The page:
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Southfield sells Northland mall property for $11.1M

After entertaining a number of interested parties, the city of Southfield has finally inked an $11.1 million deal with Bloomfield Hills-based Contour Cos. for a majority of the 114-acre former Northland Center property.

The signing of the deal, which was announced July 29, came shortly after the city received approval of a $26 million Michigan Strategic Fund investment July 26 from the Michigan Economic Development Corporation.

The original Northland Center opened in 1954 as the largest shopping mall in the world at the time. The city bought the shuttered property in 2015 for $2.4 million.

“I think it was meant to be that we made it and we found the right developer,” Southfield Mayor Ken Siver said, adding that previous offers from a major retailer, a car dealership, and other commercial developments were also considered but were never realized.

“This is going to be a major kickstart for the entire southeastern corner of the city of Southfield. It’s really going to have a great impetus in the renewal of an area that honestly has been down on the heels for a bit. We’re extremely pleased that we have this development.”

Contour Cos.’ development proposal, which will sit on approximately 100 acres of the site, plans to include a mix of uses, including restaurants, retailers, office buildings and housing.

“The project consists of two phases: a 1,339-unit mixed-use apartment community that will provide comfortable and dynamic workforce housing in 14, five-story buildings. Six of these buildings will have a commercial component on the ground floor facing Greenfield Road,” Contour Cos. CEO David Dedvukaj said in a press release.  “The massive J.L. Hudson Co. store, once the largest branch department store in the world, will be returned to use as the Hudson City Market, a vibrant food and specialty home furnishings marketplace filled with dining and entertainment options. The marketplace will be developed in the spirit of the highly successful Ponce City Market in Atlanta.”

He said that phase two, located along Northwestern Highway and on J.L. Hudson Drive, will “complement and complete the development’s sense of community by incorporating more mixed-use residential buildings, townhomes fronting on a landscaped green space complete with a pond and other amenities. The landmark power plant will become a community clubhouse, and the familiar Northland water tower will also remain in place.”

The project’s overall costs will total approximately $402.5 million, subsequently fueling 500 new full-time equivalent jobs, increased density, and a more robust, walkable development. Contour Cos. could not be reached for further comment by press time.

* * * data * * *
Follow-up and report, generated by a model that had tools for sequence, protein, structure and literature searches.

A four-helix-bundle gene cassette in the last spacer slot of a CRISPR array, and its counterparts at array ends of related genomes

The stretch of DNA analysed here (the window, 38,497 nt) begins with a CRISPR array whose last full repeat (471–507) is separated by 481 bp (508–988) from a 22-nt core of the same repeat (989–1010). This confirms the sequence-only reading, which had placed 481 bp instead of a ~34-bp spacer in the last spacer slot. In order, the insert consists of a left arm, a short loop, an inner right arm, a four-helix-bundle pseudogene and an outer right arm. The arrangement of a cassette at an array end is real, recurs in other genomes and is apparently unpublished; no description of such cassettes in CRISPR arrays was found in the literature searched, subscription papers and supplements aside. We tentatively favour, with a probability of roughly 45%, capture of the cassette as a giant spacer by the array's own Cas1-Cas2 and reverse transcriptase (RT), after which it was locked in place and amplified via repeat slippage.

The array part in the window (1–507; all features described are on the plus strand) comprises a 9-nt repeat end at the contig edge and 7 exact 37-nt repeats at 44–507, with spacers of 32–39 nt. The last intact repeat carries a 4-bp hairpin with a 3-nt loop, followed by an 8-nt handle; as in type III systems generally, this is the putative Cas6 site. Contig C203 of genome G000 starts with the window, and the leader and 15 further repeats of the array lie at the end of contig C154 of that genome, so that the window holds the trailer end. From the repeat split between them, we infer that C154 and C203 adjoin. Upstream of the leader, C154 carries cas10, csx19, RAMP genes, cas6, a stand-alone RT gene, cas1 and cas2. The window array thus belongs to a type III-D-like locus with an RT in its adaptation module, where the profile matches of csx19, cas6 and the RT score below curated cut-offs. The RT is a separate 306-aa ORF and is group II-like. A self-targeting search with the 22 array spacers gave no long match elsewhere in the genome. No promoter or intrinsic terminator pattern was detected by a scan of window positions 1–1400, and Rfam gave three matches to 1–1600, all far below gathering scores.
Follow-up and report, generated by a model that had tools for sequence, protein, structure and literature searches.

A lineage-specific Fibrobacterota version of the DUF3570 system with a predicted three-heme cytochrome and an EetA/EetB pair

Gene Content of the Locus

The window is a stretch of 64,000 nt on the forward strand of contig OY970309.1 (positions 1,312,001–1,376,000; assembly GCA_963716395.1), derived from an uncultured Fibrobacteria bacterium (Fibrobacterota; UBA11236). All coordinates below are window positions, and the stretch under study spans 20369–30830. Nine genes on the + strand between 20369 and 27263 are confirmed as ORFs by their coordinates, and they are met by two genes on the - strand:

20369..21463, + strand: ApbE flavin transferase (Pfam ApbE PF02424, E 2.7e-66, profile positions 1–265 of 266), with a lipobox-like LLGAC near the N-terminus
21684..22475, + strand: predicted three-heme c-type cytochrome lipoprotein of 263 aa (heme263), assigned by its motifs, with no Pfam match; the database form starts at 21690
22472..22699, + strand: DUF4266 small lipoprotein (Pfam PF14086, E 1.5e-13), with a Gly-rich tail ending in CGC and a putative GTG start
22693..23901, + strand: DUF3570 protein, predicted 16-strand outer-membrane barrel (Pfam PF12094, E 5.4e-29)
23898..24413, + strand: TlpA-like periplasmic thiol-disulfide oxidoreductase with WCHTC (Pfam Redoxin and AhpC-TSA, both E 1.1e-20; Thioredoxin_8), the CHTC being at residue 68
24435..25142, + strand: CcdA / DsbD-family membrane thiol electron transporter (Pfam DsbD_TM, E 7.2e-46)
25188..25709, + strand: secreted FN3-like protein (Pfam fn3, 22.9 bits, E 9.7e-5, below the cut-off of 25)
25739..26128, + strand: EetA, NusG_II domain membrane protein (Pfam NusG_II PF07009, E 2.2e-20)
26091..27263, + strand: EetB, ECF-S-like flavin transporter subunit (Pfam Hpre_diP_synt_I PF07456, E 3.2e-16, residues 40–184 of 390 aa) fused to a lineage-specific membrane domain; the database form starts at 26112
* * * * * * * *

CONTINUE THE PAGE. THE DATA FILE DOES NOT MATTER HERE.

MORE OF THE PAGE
With phase one plans consisting of a new apartment community, Siver said he believes that type of development is needed in the city currently.

“Right now, we’re having a housing crunch. People are looking for homes and are having a hard time finding them,” he said. “The other thing is, people want new things. They want new housing, new floor plans, and this project is going to provide that.”

Demolition of the JCPenny building, which shuttered before the city purchased the property, and an on-site auto service center will be seen in the immediate future, Siver said, as well as a groundbreaking ceremony for the first two buildings on Greenfield Road, slated for October.

“In an economic move, the city of Southfield stockpiled dirt that was given to us for free, and (it) will be used to fill in Penny’s and other areas of the mall that are going to be demolished,” Siver said.

Not everything at the site will be demolished and built new, which pleases Siver — a historical preservationist — to hear. “I believe we can’t keep tearing down everything. It’s not sustainable. Everything shouldn’t be going to a landfill, so I’m extremely pleased that Contour Cos. is doing an adaptive reuse of almost all of the original mall,” he said, adding that he’s heard several stories from residents about the sentimental value the property holds in the region.

Not only is Siver excited to have the property’s original 1950s logo and mirroring architecture slated to blend in with the Hudson Department Store’s original build, but the city is expected to recoup the money it invested into the process, which totals $49.3 million of direct support.

The city recently sold another five acres of the property to Ascension Health, which plans to use it for expansion of its Providence Hospital campus. Between those two closing sales, the city expects to be made whole on their investment, a press release states.

The cherry on top for the city, Siver believes, is that the project will “ignite redevelopment in the entire southeast corner,” he said, adding that he’s started to receive inquiries from other entities hoping to establish themselves near the forthcoming development.

“The City purchased Northland because we wanted to control the destiny of this very strategic and historic property,” added Northland Steering Committee Chair/Councilman Lloyd Crews in the press release. “This redevelopment will create jobs and opportunities for our residents and provide our community with something that we can all enjoy and be proud of for years to come.”


Posted By: C&G Newspapers on August 10, 2021.  For more information, please click here to read the source article.

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